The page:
By Dr. Kandis Boyd Wyatt
Faculty Member, Transportation and Logistics, American Public University
Last month, I wrote an article on mentoring and coaching that received several comments and some personal emails. But it also made me think that my previous article just scratched the iceberg of this topic.
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My earlier piece highlighted the need for everyone to become both a mentee and mentor and what makes a mentor/mentee relationship successful. But how do you become a mentor? How do you acquire a mentor?
It’s Necessary to Ask for a Mentor and Be Willing to Learn
The short answer to getting a mentor is to ask. Only a slight percentage of corporate executives report having a mentor, yet some of the most successful executives report having both a coach and mentor.
What’s the connection? In most cases, the person is bold enough to ask for a mentor. It’s an awareness to communicate your willingness to learn from someone in a new way which requires humility. At the same time, you also acknowledge that you are ready for the next higher level of learning. Being a good mentor/mentee means a willingness to be vulnerable, yet aware of how the mentor/mentee relationship can positively affect both people.
Using a Structured Mentor/Mentee Program
In addition, structured programs have merit. According to Big Brothers, Big Sisters of America, their recently created mentor/mentee program has proven results. This organization states that “Young people enrolled in the program report improved grades and peer relationships – mirroring the positive youth outcomes synonymous with Big Brothers Big Sisters legacy, community-based mentoring program, while reducing potential barriers to entry for volunteers by meeting them in their workplace. And companies have found that the mentoring program can improve morale for employees; studies show volunteerism can reduce the high costs associated with employee turnover by 39%. “
Mentoring Is about Successes and Failures
I’ve never met a perfect person, and chances are you haven’t, either. It’s one aspect of our culture that we rarely talk about. Everyone fails, and everyone has shortcomings. It’s what makes us unique, and we see the world through our own lens.
But a powerful aspect of mentoring is having the ability to be vulnerable and acknowledge that there are areas you need help in order to grow and succeed. Mentoring won’t prevent you from failing, but it can provide a safe environment for you to discuss potential challenges and develop mitigation techniques.
Mentoring Is a Two-Way Street
For every mentor you have, you should seek to have one to two mentees because you will benefit from not only learning but also teaching. To say it another way, you don’t truly know something until you have taught it multiple times.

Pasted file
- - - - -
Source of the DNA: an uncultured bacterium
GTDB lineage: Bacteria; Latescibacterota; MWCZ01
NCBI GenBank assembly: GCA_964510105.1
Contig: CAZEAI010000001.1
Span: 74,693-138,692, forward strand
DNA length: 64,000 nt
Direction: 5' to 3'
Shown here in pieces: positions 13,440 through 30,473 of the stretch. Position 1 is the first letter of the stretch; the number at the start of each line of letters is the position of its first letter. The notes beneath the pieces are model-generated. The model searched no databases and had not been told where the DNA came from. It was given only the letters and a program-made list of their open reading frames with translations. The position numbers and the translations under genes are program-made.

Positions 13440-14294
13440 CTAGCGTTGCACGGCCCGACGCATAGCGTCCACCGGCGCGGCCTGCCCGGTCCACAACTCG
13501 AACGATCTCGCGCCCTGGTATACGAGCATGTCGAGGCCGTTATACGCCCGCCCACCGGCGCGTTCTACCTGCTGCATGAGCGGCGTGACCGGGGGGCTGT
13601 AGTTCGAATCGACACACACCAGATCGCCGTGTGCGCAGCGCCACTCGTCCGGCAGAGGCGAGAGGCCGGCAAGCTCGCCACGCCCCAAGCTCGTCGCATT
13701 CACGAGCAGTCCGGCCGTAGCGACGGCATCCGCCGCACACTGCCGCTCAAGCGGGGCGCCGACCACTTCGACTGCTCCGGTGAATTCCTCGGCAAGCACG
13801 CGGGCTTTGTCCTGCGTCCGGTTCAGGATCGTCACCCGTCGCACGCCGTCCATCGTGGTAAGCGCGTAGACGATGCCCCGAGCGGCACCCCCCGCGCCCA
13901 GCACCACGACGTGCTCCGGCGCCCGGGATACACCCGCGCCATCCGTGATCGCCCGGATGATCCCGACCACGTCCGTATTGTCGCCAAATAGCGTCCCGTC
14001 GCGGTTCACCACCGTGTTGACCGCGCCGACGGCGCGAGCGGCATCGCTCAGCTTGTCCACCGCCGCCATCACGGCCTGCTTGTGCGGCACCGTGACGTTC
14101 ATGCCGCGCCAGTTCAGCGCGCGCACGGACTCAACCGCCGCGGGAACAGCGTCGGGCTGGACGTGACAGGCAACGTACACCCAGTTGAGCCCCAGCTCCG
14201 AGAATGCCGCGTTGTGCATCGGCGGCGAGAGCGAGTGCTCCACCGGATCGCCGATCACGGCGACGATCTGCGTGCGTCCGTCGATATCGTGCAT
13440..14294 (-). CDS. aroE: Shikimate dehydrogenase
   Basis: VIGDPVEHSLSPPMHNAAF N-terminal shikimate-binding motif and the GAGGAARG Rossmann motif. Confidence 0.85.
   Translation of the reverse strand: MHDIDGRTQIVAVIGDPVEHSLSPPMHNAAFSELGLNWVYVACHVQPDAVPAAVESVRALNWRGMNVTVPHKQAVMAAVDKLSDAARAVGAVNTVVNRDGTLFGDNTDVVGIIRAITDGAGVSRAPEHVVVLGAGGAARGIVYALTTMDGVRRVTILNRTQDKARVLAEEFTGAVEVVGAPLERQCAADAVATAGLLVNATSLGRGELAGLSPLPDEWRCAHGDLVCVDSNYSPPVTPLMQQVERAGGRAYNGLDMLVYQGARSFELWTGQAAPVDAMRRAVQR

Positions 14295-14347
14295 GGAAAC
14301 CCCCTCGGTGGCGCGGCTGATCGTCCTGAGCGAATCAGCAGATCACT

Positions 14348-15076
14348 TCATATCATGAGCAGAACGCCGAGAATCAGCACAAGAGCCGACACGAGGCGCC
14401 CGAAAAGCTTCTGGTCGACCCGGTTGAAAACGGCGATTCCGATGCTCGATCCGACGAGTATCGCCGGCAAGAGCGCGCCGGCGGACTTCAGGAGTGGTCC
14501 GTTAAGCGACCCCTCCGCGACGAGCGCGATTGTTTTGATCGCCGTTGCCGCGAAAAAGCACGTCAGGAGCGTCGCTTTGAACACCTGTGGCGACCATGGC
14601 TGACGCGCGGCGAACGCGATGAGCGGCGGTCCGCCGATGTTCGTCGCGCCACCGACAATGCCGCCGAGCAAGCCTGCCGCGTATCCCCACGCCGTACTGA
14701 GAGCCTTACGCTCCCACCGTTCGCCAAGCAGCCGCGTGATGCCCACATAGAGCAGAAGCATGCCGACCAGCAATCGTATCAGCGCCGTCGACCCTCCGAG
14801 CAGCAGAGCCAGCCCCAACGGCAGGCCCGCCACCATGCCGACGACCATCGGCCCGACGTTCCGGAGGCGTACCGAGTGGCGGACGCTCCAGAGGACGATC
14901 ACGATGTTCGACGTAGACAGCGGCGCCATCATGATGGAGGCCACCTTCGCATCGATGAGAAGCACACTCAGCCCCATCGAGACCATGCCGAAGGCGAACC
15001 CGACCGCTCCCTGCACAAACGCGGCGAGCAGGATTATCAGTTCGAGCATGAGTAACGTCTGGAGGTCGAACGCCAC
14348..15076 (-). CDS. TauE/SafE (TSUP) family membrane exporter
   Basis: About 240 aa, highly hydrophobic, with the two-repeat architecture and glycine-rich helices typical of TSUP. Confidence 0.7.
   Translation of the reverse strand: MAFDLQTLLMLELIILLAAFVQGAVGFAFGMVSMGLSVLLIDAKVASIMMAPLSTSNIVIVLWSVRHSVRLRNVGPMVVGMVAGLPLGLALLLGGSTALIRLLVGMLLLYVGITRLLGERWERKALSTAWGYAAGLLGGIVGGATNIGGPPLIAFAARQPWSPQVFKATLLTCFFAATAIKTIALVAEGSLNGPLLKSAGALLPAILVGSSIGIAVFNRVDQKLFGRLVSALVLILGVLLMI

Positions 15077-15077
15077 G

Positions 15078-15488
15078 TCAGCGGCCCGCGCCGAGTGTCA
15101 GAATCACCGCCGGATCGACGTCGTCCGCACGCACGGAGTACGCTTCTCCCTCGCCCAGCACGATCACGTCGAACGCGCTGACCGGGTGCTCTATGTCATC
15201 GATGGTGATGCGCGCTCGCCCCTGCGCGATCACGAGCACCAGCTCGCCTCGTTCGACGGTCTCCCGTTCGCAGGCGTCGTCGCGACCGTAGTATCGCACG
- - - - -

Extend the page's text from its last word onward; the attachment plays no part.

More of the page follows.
Mentors come and go, and many relationships develop organically. Many times, a mentor relationship can develop by being in the right place at the right time. Mentors fulfill a need for that particular point in your life. Mentors can help with your personal, professional, health, spiritual and career needs.
Be Prepared to Explore Areas That Make You Uncomfortable during Your Conversation Time
Your time is precious, and so is the time of your mentor/mentee. So be prepared to have the uncomfortable conversations that could be crucial to your future success.
With your mentor or mentee, be vulnerable enough to discuss any shortcomings and failures, and be bold enough to call out each other on shortcomings and idiosyncrasies. Also, be willing to listen, share and contribute — in other words, be fully present and don’t allow your attention to be distracted.
There’s no playbook on the cadence of mentor meetings. Even if the meetings last mere minutes, they can still be impactful.
Having a mentor/mentee is a way to show your accountability. By discussing events that occur in your professional or personal life, you can create a unique space to offer and receive guidance and you can also be held to commitments.
The overarching goal of being a mentor or mentee is to better yourself. By striving for that goal, you can also improve your environment – whether you’re at home, at work or at leisure.
About the Author
Dr. Kandis Y. Boyd Wyatt, PMP, is a professor at American Public University and has 20 years of experience managing projects that specialize in supply chain management. She holds a B.S. in meteorology and an M.S. in meteorology and water resources from Iowa State University, as well as a D.P.A. in public administration from Nova Southeastern University.
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